In early May, Littler Mendelson released the results of its eighth Annual Employer Survey, which looked into the specific challenges that are having the biggest impact on modern workplaces. The U.S.-based employment and labor law practice collected responses from 1,331 in-house consultants, human resources experts and C-suite professionals to better understand how federal and state laws, emergent technologies and social issues are shaping decision-making at the highest levels. These insights can help organizations in every industry adapt to the shifting employment landscape, avoid costly liability issues and stay compliant with government regulations in the years to come.
In addition to spotlighting key operational challenges, Littler's survey also asked respondents to provide direct examples of the types of solutions they are implementing. The hope is that smaller organizations will be inspired to make meaningful changes to their own internal processes that improve transparency, reduce costly inefficiencies and uphold ethical practices. Overall, the survey identified three problem areas that are having a major impact on employers' day-to-day operations:
Many companies continue to struggle with the growing patchwork of federal, state and local employment laws, which have been further complicated by the U.S. Department of Labor's recent push for new regulatory changes. Lawmakers at every level have also ramped up their efforts to address a number of social issues that have a direct impact on workplace conditions, such as sexual harassment and gender pay equity. According to Littler's survey, 78% of respondents felt that an increase in DOL enforcement will have a moderate to significant impact on their operations, while 77% pointed to the Equal Employment Opportunity Commission as a source of uncertainty.
Labor law compliance is another key area of concern for modern employers, as new regulations surrounding paid sick leave, background checks and the legalization of marijuana have caused quite a bit of disruption. That said, many companies are already taking steps to prepare for potential changes. For example, the survey found that a vast majority of employers are already instituting policies that will put them in compliance with the DOL's proposed revisions to the "white collar" overtime exemption.
Growing public concern over sexual harassment in the workplace has pushed many employers to focus their attention on combating problematic employee behaviors. The survey found that companies are actively seeking to curb sexual harassment by providing targeted training to management and employees (63%), revising HR policies and resources (51%) and being more proactive about complaints of misconduct (37%). These efforts have been supported by an overall shift toward inclusion and diversity, as 63% of companies are taking steps to confront unconscious bias in the hiring and promotion process.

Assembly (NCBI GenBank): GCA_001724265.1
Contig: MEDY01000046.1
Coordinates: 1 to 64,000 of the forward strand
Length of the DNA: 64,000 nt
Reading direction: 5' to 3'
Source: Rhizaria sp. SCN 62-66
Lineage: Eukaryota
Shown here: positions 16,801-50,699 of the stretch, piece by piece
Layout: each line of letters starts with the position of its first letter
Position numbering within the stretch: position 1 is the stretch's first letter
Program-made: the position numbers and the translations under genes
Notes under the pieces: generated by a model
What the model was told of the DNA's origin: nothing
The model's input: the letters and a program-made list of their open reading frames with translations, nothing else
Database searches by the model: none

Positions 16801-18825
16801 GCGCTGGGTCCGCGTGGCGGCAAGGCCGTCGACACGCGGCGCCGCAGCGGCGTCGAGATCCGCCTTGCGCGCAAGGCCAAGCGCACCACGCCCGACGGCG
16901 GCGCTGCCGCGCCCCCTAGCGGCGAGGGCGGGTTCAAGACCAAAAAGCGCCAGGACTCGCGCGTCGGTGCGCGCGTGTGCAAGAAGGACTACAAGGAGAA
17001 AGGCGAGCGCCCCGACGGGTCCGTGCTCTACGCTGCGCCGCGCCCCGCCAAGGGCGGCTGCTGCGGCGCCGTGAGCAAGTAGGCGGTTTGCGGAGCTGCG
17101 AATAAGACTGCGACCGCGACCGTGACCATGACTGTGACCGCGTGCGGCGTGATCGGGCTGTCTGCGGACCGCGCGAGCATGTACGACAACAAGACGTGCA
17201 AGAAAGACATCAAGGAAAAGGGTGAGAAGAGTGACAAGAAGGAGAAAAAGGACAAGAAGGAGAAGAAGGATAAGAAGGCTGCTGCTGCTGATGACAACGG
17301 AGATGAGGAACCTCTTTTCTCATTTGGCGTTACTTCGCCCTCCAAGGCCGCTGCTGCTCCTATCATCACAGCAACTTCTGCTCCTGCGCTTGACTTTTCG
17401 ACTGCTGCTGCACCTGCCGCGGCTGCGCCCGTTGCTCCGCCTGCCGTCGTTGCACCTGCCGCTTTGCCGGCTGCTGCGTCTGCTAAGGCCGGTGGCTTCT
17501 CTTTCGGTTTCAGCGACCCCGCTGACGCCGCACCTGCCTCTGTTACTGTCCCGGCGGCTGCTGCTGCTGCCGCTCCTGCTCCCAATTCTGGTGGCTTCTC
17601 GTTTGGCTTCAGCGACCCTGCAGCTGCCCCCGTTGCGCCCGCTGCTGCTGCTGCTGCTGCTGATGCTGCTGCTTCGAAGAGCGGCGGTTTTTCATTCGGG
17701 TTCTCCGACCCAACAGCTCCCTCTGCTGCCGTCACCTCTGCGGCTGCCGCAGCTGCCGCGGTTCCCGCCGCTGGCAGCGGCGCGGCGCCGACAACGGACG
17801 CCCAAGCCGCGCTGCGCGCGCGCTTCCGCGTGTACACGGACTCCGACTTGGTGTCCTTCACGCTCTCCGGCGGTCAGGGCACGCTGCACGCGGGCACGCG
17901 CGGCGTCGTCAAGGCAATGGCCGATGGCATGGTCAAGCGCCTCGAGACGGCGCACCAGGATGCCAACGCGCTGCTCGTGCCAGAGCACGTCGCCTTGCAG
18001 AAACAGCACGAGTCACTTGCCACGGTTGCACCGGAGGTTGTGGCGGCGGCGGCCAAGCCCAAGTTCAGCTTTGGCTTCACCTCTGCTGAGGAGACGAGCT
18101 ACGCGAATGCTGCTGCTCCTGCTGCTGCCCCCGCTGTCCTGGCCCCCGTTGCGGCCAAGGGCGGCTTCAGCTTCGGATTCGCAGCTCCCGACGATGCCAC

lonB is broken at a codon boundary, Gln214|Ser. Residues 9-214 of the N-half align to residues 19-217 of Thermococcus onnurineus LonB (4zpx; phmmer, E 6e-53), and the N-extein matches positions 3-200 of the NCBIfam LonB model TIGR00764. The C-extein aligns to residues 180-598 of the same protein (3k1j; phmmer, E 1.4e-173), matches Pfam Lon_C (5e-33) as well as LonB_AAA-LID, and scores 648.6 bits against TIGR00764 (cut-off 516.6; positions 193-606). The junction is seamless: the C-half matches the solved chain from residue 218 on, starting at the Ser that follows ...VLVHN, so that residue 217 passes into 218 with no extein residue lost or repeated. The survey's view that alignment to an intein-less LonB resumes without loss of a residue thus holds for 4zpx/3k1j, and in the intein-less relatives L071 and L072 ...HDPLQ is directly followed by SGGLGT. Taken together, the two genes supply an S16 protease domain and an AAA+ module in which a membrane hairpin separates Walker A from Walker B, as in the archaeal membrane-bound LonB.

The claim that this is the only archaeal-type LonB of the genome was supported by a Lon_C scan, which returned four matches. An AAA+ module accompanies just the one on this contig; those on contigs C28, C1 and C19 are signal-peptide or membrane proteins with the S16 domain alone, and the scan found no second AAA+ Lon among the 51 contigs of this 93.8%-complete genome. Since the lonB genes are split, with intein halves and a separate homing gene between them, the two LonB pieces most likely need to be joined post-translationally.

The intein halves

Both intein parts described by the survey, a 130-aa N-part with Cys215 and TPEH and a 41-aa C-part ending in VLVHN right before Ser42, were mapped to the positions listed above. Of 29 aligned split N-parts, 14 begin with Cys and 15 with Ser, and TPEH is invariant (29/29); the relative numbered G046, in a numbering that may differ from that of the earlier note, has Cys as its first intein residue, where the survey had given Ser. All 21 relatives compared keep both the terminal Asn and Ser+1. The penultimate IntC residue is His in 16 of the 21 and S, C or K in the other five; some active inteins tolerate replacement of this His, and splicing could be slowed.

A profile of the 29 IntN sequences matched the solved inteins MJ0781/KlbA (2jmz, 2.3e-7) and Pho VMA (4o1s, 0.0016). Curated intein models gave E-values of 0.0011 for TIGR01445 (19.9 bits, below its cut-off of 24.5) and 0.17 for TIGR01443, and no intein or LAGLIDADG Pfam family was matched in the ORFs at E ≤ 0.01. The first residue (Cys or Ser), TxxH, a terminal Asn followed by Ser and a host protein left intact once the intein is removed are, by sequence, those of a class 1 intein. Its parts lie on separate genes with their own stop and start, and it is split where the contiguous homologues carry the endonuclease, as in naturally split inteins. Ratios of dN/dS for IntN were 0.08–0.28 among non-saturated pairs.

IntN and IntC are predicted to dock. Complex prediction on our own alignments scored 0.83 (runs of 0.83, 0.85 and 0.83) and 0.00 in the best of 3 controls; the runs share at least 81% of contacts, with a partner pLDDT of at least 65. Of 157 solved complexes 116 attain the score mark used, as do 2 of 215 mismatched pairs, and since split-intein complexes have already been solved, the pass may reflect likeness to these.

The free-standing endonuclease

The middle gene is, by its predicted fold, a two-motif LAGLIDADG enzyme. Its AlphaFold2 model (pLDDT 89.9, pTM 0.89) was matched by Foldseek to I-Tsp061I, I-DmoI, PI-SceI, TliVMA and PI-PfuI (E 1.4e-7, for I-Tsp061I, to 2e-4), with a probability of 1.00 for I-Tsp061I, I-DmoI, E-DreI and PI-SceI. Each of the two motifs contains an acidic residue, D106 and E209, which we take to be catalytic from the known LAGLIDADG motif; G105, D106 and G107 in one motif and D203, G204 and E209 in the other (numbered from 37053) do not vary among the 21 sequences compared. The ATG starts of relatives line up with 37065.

In terms of gender pay equity, most employers have started to reassess their internal processes to ensure they are compliant with new federal and state regulations. In fact, 48% of respondents said that their company is actively auditing salary data and realigning their compensation practices to better align with modern perceptions of opportunity and fairness.
Organizations around the country have started deploying artificial intelligence and analytical tools to streamline inefficient recruitment processes and support workforce management decisions, but there is little agreement about the impact of increased automation. Those that have embraced these technologies have dedicated significant resources to identifying specific tasks that can be automated (37%) and refocusing their hiring methodologies to prioritize technical skills and experience with AI systems (22%). Despite the general enthusiasm, 46% of companies have not taken any action in this area.
As the demand for advanced technologies grows, employers will need to offer their workers meaningful training and development opportunities that will help them adapt to new automated workflows. Around 13% of respondents indicated that their organizations are already implementing tech-based training programs, while 18% said they are actively working with industry groups and associations to keep pace with emerging trends. Companies that have already significantly deployed AI and analytics have started restructuring their staff to phase out manual tasks that are no longer relevant.